The stripper took off even more but not all the way and when she was finished, petite Grace asked me, not too quietly, "What's she got that I haven't got?" Without hesitation the stripper quipped right back, "Nothing, honey, just a lot more of it!"

Tuesday, March 24, 2009

Navy Shore Tales

It's easy for a sailor to become the victim of his own folly while seeking fun on the beach. Like a friend of mine on board the West Virginia who we called Pappy because he was so old. He was in his late 30's or early 40's when he went ashore one day seeking some companionship with one of the opposite sex. He found a willing one and rented a hotel for the night.
During the early morning he woke up to find her gone as well as his trousers and his billfold. Without any money for cab fare he walked all the way back to the ship with only a short raincoat for privacy. When he walked back up the gangplank, undignified, he was showing very white, hairy legs from his kneecaps to his ankle. The Officer on Deck had a hard time keeping from laughing but all Pappy's buddies gave him a bad time for quite awhile for that episode.
Or there were the two Irish shipmates who were from Chicago. They were a real Mutt and Jeff. The one was quite small and very mouthy. The other was a big, burly guy who often had to fight his mouthy friend's battles for him. One night in San Francisco the two were in a bar and the little guy had found a friendly girl to sit by him at the bar. He bought a drink for himself and her and when she finished hers, he said, "O.k., you've drank enough of my booze, now let's go to bed." She backhanded him right off the bar stool and a real brawl ensued. The big guy had to fight for his buddy again. I wonder if they are still friends to this day--or even alive!

Monday, March 23, 2009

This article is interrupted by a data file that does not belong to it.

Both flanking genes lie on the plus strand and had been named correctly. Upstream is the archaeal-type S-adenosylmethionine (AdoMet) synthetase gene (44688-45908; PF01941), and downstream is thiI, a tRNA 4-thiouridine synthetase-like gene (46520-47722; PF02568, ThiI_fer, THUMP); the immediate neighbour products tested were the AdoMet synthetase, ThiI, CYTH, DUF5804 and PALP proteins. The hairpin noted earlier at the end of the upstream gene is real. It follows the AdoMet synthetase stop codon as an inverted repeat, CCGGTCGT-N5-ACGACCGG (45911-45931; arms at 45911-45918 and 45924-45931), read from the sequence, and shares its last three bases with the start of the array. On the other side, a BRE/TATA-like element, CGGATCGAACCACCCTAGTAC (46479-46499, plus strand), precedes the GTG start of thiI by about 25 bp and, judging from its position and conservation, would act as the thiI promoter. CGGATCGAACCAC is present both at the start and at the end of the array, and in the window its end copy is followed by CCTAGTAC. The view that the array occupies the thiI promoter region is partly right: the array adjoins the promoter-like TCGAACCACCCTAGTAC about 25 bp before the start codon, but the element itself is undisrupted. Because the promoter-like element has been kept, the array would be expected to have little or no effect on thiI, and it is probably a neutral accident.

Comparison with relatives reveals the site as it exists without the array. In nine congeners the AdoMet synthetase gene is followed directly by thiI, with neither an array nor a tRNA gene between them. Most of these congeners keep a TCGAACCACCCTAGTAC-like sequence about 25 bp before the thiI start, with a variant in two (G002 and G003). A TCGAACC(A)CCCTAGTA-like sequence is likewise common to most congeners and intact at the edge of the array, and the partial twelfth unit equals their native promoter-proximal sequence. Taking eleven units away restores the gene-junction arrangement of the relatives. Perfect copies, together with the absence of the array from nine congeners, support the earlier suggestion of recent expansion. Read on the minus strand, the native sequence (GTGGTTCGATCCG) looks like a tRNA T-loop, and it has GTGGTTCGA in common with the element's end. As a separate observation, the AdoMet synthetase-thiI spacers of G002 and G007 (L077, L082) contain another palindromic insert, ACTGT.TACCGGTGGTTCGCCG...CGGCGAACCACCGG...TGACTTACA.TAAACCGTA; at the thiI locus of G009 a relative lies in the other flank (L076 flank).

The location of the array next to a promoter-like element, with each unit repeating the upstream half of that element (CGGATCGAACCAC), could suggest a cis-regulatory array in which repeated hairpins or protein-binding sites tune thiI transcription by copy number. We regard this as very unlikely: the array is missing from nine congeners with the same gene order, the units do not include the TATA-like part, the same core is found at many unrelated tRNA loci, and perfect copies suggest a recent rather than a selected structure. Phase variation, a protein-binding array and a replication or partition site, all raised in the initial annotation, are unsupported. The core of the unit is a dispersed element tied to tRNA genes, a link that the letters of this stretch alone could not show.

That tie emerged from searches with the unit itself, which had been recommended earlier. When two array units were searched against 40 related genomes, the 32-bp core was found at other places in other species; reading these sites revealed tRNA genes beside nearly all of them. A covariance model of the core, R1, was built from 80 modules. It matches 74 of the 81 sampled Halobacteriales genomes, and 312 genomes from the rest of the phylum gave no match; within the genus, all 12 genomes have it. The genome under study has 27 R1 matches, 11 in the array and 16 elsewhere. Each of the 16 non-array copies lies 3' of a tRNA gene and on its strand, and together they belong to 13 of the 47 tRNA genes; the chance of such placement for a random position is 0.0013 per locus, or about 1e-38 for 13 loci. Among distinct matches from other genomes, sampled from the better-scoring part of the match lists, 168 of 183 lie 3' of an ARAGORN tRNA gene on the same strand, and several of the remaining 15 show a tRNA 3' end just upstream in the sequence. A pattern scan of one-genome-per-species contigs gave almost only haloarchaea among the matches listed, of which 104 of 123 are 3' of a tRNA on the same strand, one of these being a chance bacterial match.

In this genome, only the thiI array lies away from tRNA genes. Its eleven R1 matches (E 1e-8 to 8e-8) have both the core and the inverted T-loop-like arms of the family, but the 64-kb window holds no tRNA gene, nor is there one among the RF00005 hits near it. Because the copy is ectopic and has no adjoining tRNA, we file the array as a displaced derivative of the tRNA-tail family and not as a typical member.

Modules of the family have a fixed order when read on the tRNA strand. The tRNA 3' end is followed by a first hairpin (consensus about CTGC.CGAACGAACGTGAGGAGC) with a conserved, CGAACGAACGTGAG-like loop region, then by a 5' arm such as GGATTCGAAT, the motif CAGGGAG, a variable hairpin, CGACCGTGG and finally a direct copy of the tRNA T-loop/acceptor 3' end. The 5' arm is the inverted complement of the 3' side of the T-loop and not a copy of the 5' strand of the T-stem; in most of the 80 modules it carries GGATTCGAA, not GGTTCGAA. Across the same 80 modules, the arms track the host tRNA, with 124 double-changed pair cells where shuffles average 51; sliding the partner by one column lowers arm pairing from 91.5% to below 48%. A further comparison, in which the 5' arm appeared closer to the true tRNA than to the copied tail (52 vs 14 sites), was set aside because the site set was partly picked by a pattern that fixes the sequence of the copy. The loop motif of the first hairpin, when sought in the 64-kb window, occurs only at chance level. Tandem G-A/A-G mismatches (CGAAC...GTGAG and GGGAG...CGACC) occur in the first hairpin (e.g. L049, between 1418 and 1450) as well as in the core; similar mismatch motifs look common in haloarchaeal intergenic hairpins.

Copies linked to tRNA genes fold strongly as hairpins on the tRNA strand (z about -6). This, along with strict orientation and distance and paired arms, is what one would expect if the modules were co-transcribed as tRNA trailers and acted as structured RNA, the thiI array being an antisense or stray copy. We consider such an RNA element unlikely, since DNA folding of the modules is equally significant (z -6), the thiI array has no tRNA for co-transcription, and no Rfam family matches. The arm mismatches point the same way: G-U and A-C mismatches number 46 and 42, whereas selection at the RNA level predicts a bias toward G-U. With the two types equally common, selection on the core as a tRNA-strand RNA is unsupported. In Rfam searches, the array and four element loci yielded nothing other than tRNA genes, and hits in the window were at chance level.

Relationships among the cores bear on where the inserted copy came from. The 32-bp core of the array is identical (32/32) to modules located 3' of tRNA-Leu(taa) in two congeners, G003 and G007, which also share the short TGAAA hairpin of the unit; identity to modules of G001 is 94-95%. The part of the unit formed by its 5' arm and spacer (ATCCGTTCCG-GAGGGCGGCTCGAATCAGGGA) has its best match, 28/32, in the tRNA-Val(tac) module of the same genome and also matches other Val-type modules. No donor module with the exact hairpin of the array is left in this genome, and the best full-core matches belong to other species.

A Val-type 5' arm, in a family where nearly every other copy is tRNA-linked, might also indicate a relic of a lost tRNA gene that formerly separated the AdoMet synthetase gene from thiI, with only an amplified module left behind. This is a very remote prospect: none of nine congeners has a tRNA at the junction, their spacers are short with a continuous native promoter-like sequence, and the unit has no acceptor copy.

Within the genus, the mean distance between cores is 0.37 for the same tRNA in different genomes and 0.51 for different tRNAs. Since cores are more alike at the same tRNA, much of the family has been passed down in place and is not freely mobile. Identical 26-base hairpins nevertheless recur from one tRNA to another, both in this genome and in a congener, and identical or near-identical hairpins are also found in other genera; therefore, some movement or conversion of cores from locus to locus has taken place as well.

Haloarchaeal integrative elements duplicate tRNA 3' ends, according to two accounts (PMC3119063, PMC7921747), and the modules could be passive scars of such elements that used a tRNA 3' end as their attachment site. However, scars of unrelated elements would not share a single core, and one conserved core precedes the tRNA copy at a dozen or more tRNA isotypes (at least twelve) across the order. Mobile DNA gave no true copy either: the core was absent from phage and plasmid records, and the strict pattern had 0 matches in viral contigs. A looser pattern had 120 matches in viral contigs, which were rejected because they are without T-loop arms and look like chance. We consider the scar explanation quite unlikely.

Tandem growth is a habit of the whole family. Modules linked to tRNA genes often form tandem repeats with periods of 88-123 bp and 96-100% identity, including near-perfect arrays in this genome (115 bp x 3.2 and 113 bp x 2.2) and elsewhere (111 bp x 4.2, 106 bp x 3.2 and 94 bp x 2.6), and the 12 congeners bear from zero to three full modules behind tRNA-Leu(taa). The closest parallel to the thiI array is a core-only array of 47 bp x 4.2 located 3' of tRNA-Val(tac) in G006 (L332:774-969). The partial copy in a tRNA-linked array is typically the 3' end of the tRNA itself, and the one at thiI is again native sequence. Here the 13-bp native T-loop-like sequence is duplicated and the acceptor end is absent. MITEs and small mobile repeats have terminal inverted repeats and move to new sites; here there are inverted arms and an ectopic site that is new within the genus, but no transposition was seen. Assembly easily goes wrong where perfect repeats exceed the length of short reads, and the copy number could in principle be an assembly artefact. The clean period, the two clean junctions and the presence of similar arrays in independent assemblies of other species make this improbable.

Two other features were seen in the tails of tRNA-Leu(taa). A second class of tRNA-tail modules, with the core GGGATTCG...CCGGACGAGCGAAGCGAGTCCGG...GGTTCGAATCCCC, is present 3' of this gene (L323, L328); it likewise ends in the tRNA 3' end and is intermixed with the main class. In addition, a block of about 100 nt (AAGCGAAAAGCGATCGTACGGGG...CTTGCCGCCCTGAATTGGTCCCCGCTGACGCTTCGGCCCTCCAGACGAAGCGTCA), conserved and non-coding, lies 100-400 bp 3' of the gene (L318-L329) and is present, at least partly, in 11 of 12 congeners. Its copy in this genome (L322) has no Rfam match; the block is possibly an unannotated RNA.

When a writer sends out a article in a newpaper or other publication it is seldom known what the impact will be or how far it will go. As an example I once wrote a column for a daily newspaper about a young lady and her boyfriend who had gone fishing in a coastal stream in Oregon. She related that she had walked out on a log suspended over a pool to try to reach a place in the stream where a trout might be lurking. As she stood near the end of the log, the bark slipped plunging her into the water with a considerable splash. The eruption on the pool's surface startled a trout so much it leaped up onto the bank. The boyfriend jumped on the trout and wrestled that slippery critter to subdue it, making no effort to rescue her from her unwanted bath. She slogged up out of that pool very angry at the guy whose priorities were such that he chose the trout over her.
Shortly after that article appeared in the newspaper, Associated Press picked up the story and printed it. Later, the Stars and Stripes publication picked up and printed it. That wasn't the end. A national outdoor magazine picked it up from Stars and Stripes and printed it in a column entitled, "The Gist Of It". I knew nothing about the article's travels until the magazine sent me a check for ten dollars, explaining what had happened.